We first reported the linear relationship between cell traction and cell stiffness in human airway smooth muscle cells and endothelial cells (Wang et al, PNAS, 2001, Am J Physiol Cell, 2002). Discher's lab then found similar relationship in skeletal muscle cells (Biophys J, 04).

YL Wang first reported  that tractions increase with substrate stiffness in fibroblasts (HB Wang et al, 2000).  Discher et al found the same behavior in HMS cells (Cell, 06).  Recently PA Jamney lab showed cell stiffness increased with substrate stiffness (Biophys J, 07).

With all these findings, one may conclude that cells match their stiffness with substrate stiffness via the action of tractions, that, in turn, is controlled by the prestress (active contractile myosin-dependent forces).  The molecular and biochemical mechanisms are not clear yet.  But one big picture is beginning to be clear: cell stiffness/cell traction is a key parameter in substrate stiffness sensing.  Maybe to regulate intracellular strains?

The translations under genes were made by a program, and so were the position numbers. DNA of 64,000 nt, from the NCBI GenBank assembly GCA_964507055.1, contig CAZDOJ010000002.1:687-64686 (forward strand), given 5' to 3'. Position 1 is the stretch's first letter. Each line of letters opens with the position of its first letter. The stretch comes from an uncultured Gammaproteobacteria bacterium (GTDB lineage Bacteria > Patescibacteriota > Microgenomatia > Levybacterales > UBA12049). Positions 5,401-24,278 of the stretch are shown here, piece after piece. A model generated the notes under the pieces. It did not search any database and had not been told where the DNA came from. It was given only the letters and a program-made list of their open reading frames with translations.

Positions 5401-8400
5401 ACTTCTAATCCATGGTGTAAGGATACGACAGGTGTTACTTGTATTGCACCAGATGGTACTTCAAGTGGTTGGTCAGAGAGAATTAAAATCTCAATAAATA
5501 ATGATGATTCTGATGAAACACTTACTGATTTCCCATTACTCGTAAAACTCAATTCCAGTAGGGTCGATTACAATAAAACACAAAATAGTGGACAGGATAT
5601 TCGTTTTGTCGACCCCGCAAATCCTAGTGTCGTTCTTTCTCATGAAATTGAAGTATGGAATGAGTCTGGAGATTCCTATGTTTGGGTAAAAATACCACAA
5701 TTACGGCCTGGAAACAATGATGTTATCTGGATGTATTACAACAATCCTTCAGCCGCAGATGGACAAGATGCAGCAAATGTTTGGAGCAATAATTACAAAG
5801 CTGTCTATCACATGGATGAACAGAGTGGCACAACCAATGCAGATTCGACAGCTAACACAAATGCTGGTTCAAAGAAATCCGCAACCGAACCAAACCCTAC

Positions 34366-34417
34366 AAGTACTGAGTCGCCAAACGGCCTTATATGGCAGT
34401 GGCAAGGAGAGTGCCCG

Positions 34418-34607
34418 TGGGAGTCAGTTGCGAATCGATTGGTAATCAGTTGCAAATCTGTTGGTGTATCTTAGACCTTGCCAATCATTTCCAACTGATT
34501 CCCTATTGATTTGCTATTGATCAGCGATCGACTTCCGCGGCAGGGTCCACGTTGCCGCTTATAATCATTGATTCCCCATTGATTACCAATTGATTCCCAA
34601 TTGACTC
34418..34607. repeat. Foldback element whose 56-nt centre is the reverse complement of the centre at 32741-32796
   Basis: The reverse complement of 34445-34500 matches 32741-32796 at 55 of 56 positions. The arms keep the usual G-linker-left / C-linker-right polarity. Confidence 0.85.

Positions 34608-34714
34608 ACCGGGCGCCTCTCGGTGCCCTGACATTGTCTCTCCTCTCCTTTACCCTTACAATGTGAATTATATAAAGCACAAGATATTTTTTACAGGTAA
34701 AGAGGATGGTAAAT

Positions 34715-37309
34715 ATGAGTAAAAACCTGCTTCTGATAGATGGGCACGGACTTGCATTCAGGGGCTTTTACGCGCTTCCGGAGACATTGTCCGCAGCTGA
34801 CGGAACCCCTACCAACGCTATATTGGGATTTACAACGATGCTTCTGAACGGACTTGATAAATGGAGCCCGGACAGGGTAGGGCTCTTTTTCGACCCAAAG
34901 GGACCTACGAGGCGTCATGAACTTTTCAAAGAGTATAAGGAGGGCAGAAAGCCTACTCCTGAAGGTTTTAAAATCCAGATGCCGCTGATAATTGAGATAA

To Yujie: those high tractions have been reported by YL Wang's lab in newly-formed focal complexes.  The biological significance is not clear.

Thanks for references Ning.

I'd add to Yujie: as I pointed out earlier, Tan et al used micro-needles which affect where and how cell forms adhesions, so I wouldn't compare that experiment with the others.  And just in general, different types of cells generate different levels and distribution of traction.  Fish scale keratocytes are very fast migrating cells with quite weak tractions distributed side-to-middle (almost perpendicular to the direction of motion), while fibroblast are quite slower but with considerable tractions that are oriented front-to-back (axially). 

Thanks to you for the input. It helps a lot.